The Prodigal Altar Boy

Thursday, March 29, 2012

The Prodigal Altar Boy - My Man, Bobby Rush!

My Man, Bobby Rush!

I was home sick yesterday and when I finally got up, what should I see when I fired up the television?  A news clip of Representative Bobby Rush (D – Illinois) being escorted off  the House floor for wearing a hoodie.  Right on, Bobby!  Right on!  As the Trayvon Martin tragedy continues to grow and media continues to miss salient points (thanks, Geraldo), the symbolism evolving out of this debacle takes on a life of its own. 

As  Representative Rush began his quick change into a hoodie and sunglasses, the presiding speaker, Representative Gregg Harper (R – Mississippi) (hey, wasn’t I just blogging about Mississippi the other day?), called Rush out of order (repeatedly) while Rush continued reading from the Bible before he was escorted out of the chamber.

According to House Rule XVII, Section 3, hats are prohibited in the House.  Specifically,  "During the session of the House, a Member, Delegate, or Resident Commissioner may not wear a hat..."
Yes, a hoodie is considered a hat.  Rather than take the opportunity to  express outrage,, sympathy, or even concern for the tragedy, most of Representative Rush’s Democratic colleagues downplayed the incident, with the Minority Leader, Nancy Pelosi, recalling that when she came to Congress, women weren’t allowed to wear pants.

So what?  What does that have to do with anything?  This is not about the dress code in some high school, this isn’t even about the hoodie.  It’s about drawing and keeping attention on a senseless tragedy that demands focus, explanation, and action.  The more days that pass without any local, state or government action on this tragedy only deepens the divide.  Thank you Bobby Rush for keeping Trayvon Martin’s killing in the spotlight.

Friday, March 23, 2012

Prodigal Altar Boy Blog 23 March 2012 - The Good, The Bad, and The Ugly

Prodigal Altar Boy Blog
23 March 2012

The Good, The Bad, and The Ugly

The Bad

Okay, I’d been holding off on writing this one, but I cannot hold back.  (Well, actually I can, but I WONT.)  I read an article in the Baltimore Sun entitled “Fallacy of Obama’s faith persists, poll says.”  

[What precisely is a “fallacy of faith”?]

The automated poll of Mississippi Republicans, reported that 52% of those polled in Mississippi believe President Obama is a Muslim.  But wait, there is good news, in Alabama, only 45% believe his is a Muslim.  The article did not go on to explain the whole “fallacy of faith” bit.  I can only assume some people believe President Obama’s assertion he is a Christian is untrue. What does the leader of the Free World have to do?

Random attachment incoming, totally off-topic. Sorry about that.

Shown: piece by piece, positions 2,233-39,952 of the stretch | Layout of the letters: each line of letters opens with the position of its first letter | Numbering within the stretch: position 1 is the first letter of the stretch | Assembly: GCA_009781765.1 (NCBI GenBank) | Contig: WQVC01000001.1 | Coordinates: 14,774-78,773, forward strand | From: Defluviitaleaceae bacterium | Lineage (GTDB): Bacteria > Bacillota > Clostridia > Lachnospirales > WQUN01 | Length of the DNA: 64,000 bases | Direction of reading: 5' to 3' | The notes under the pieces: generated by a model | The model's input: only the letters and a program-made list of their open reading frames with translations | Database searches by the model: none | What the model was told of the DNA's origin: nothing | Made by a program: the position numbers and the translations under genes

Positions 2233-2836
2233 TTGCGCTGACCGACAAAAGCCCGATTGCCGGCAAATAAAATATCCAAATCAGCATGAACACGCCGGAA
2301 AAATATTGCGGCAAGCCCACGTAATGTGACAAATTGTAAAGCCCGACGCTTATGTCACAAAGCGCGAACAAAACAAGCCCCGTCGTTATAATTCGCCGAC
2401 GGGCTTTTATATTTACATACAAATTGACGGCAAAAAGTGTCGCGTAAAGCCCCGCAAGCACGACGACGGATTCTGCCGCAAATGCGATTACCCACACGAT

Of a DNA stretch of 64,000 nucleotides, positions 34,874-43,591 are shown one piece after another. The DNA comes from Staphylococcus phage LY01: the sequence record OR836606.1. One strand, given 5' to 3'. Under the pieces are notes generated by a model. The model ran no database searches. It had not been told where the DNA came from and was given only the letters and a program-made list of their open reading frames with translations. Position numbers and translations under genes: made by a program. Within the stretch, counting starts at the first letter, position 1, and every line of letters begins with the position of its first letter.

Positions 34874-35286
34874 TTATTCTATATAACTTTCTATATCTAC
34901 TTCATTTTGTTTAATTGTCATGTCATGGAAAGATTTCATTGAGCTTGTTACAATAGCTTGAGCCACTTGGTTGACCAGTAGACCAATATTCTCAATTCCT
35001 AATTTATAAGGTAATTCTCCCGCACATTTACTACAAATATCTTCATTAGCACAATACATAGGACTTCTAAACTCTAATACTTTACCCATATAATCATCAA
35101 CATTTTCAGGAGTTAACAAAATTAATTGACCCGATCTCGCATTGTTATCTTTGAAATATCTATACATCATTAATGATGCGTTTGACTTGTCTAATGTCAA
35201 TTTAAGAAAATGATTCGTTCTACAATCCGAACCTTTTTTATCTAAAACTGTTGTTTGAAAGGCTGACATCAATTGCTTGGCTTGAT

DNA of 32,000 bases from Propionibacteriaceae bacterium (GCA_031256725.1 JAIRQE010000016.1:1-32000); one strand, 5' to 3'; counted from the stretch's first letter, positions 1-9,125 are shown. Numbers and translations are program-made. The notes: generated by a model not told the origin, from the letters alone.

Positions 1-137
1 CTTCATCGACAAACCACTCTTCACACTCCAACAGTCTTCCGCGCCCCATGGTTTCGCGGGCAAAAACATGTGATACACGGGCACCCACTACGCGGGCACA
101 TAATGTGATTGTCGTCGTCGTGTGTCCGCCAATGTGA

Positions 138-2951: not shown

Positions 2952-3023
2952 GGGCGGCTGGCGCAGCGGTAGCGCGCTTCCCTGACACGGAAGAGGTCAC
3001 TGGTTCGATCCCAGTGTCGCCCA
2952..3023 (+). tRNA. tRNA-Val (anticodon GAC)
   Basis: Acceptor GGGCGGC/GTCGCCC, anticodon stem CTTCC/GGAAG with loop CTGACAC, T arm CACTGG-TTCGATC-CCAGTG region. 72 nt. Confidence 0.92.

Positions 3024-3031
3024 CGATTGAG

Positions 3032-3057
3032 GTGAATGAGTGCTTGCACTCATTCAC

Just as the piece is ending, the author throws this curve ball: 
“About 1 in 4 surveyed also said the interracial marriage of Obama’s parents should have been illegal.  A 1967 Supreme Court ruling struck down laws against interracial marriage.  The poll released Monday found that 21 percent of Alabama Republicans said it still should be against the law.  In Mississippi, 29 percent said it should be illegal.”  

What a strange pairing of polls.  While I would hazard that all of those polled would insist "they aren't racist," when responding to the question of whether or not President Obama is a Christian (okay, we know better, but bear with me), you certainly have to say the response to the question on interracial marriage has serious racist undertones (Okay, OVERtones).  The bottom line is everyone sees the racism in the Christianity question, in the birth certificate issue, among other things.

So, while more Mississippi respondents think President Obama is a Muslim, more Alabama respondents objected to his parents’ interracial marriage.  There is a message in there.  For me the message is “more cash for Obama 2012.”  An additional message would be my wife and I probably won’t be traveling to either state.  

Next Up:  The Ugly

Thursday, March 22, 2012

Prodigal Altar Boy Blog - The Good, The Bad, and The Ugly

Prodigal Altar Boy Blog
22 March 2012

The Good, The Bad, and The Ugly

The Good
Jeff Elkins’ blog post today was great.  Short and to the point, Jeff‘s post, “Sermons – Bah Humbug", questions the efficacy of the sermon as a teaching tool.  He makes a great point that because most sermons lack required readings, essays and tests, what is retained from even the best sermon is lacking from, say, a university lecture.   Jeff is astute in his observations and I agree with him. 

I’m hammering out the assembly edit for the documentary, and Jeff’s blog shaped some of today’s edit of the first act.  Across all of the interviews of TQ’s former parishioners was his dedication to education.  One parishioner told how TQ would climb into the pulpit with an armful of books, from Kierkegaard to Hans Küng (yeah, I found the “symbols” button), weaving their writings into the liturgy.  There is even a TQ quote advised the congregation to read Küng’s book (The Council, Reunion and Reform) to grasp the implications of the Second Vatican Council.  Those were the required readings.